Saturday, April 12, 2008

A few links

I've been at ICDE in Cancun for the last few days because of this, and it's hard to blog too much from "the best beach in Mexico". There are some interesting trends emerging from this conference, many of which might be interesting to algorithms folks, and I'll try to say more about this later on.

Two links that came across Google Reader and might be of interest:
  • "Shut up and calculate", by Max Tegmark (via Mathematics under the Microscope). Tegmark argues for an extreme Platonic position: not only is the universe governed by mathematics, but that it is mathematics ! There's more to this argument in the (short) paper: buried in there is an interesting robust variant of falsificationism:
    For a theory to be falsifiable, we need not be able to observe and test all its predictions, merely at least one of them
  • Via BB, New Scientist's list of the ten weirdest computing models (for actual computing, that is). They start off tamely with optical and quantum computing, and then move on into slightly more esoteric models like DNA computing, culminating with ooze computing and water wave computing (hey, I'm on a beach here, computing my legs off!). One of the more interesting proposals was something called 'reversible computing':
    Every computing operation involves feeding inputs into logic gates, which produce output signals. Instead of discarding the energy of those signals, Frank's gates run in reverse after every operation. That returns the energy of the output signal to the start of the circuit where it is used to carry a new input signal
    Of course, what's not clear to me is why this isn't a poor cousin of quantum computing, where as far as I understand all computations prior to a measurement are reversible.
But the idea of reversible computing gets back to very deep ideas about entropy and the second law of thermodynamics. Think of a box partitioned into two parts, each containing air at the same (global) temperature. In the partition is a small passage, guarded by a tiny demon, who only lets molecules go from left to right if they are hotter than average, and from right to left if they are colder than average. Over time, the right side of the container gets hotter and hotter, and the left side gets colder and colder. This demon is Maxwell's demon, posited to try and find a contradiction in the Second Law of Thermodynamics.

One of the more famous refutations of this apparent paradox was by Leo Szilard, who argued that in order for the demon to do its job, it must somehow gather information about the average temperature, and this gathering of information costs energy. Rolf Landauer famously showed in 1960 that reversible computations need not increase thermodynamic entropy (and also information entropy), and these facts were expanded by Charles Bennett to argue that eventually, a demon that does the desired job must run out of space and start deleting information, an irreversible (and therefore entropy increasing) operation. It's a streaming algorithm !!

There's a book that collects all this work together: Maxwell's Demon 2: Entropy, Classical and Quantum Information, Computing. It's been on my list of 'books to read' for a long time now.


  1. Suresh,

    what do you think about ICDE policy of at least one registered attendant per paper?


  2. Have you read the extended version of the "Shut Up and Calculate" paper? Fig 1: A hierarchy of the sciences, which places physics near the root of hierarchy and places computer science towards the leaves. It's actually sandwiched just below electrical engineering and just above psychology.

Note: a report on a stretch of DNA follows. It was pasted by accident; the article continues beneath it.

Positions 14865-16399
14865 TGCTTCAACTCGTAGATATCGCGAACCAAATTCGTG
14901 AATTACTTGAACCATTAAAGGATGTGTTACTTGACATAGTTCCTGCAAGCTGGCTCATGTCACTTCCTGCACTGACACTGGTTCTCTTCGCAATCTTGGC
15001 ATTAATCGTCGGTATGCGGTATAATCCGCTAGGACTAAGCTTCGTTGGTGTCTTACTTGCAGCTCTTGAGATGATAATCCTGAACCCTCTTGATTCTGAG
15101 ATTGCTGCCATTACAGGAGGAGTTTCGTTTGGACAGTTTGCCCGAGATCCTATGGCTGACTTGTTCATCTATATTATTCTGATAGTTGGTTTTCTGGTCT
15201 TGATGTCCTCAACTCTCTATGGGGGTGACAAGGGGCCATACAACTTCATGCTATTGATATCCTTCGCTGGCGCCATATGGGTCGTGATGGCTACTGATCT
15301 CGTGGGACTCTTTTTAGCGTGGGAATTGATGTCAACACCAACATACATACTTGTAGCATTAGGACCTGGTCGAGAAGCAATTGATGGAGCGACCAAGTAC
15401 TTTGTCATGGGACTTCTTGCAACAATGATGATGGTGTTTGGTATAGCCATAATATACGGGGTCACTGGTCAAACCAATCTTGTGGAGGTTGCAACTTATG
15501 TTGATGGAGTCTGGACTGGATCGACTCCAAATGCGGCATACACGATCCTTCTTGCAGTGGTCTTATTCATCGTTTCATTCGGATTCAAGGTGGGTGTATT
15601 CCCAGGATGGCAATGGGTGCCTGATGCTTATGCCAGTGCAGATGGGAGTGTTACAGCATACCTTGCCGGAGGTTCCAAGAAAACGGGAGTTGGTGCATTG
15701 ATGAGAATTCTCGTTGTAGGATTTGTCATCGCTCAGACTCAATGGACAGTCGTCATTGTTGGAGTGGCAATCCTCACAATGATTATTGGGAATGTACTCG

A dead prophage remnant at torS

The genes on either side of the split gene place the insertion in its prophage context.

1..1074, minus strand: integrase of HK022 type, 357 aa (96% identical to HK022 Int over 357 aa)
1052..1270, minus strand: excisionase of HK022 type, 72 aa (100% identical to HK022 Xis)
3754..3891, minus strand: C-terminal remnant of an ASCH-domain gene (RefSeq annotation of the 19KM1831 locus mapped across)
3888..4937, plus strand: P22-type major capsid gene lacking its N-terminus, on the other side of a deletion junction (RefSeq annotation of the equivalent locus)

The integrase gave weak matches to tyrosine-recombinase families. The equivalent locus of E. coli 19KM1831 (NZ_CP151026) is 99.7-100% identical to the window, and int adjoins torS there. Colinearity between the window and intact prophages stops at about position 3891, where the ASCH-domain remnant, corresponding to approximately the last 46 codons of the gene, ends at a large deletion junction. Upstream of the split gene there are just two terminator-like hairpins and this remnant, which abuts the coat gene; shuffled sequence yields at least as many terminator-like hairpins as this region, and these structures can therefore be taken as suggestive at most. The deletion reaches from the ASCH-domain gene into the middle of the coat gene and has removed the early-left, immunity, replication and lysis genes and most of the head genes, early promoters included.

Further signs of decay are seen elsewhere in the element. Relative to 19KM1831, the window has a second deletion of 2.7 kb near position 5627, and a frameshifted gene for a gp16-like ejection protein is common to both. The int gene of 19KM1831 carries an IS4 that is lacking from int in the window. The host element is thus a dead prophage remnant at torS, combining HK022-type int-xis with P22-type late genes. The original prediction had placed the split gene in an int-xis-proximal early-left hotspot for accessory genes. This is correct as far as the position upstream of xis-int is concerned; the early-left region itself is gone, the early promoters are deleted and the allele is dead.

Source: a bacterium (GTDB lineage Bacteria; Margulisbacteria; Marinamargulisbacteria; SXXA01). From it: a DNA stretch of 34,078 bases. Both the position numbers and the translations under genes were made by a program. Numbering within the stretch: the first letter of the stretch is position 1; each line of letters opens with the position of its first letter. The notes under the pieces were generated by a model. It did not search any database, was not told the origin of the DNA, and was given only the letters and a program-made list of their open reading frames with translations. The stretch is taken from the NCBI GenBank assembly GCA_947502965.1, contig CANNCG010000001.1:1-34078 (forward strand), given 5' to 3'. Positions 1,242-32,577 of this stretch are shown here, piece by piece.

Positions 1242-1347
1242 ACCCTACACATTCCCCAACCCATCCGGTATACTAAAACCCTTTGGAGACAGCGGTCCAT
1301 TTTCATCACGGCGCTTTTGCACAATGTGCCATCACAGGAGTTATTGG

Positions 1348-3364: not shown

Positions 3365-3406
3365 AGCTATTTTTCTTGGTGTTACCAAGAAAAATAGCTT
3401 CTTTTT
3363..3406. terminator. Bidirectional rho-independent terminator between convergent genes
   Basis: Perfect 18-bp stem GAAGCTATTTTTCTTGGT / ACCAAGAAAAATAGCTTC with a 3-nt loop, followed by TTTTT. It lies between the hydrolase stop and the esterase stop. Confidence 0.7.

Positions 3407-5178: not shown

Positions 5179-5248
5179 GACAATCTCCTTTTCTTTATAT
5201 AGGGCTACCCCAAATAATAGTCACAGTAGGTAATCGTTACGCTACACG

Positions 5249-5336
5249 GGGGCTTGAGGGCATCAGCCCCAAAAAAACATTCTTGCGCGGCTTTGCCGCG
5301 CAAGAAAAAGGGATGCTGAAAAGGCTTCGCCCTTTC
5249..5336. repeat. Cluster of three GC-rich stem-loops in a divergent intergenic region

Ouch!...I would put computer science at the root of the tree with mathematics...

  3. Hi Robi,
    I don't think I have anything to say per se. Is it a hitting set (one author per paper) or a multiset (each paper is a distinct instance) ? It seems reasonable to require that every paper have a presenter, who should register.

    As for the full version of 'Shut up and Calculate', ouch is right ! Frankly, I don't expect many people to "get" that computer science (or at least theoryCS) is far deeper than just playing with computers, so I'm disappointed, but not surprised.

  4. Suresh,

    Yes, it is reasonable to _expect_ that every presenter registers (in fact every attendant). But to _require_ it formally, not to mention have people spend (waste?) time enforcing it is different, and made me feel awkward. (Disclosure: I have a paper in this ICDE too, but could not attend--my coauthor presented it.)

    BTW, they required a distinct registrant per paper (what you called a hitting set), which means it's not a courtesy reminder to the authors.


  5. I guess I don't feel very strongly about the mandatory registration issue. Since *someone* needs to present the paper, it doesn't cause any major hardship, and it's possible this comes as a reaction to no-shows at earlier incarnations of the conference.

  6. I *did* find the registration requirement an irritant. I try to minimize my travel, so sometimes send several papers to the same conference. I had two submissions accepted to ICDE (one poster, one full). Fortunately, I had a coauthor on one who was also prepared to accept the hardship of traveling to Mexico, who could link a registration to the second paper. Otherwise, things could get tricky. Essentially, one needs to solve a distributed matching problem. At around $750 each, these registrations are no small matter.

    I have no problem with requiring a cover, but a matching seems excessive. Esp when the conference accepted 110 papers + about 200 more posters: that's a lot of reg fees that IEEE is guaranteeing itself there.


  7. So I misunderstood then. I think a 'matching' requirement makes no sense, and a 'covering' requirement is a lot more reasonable. If in fact ICDE is requiring the former, then I agree with Robi that this is crazy.


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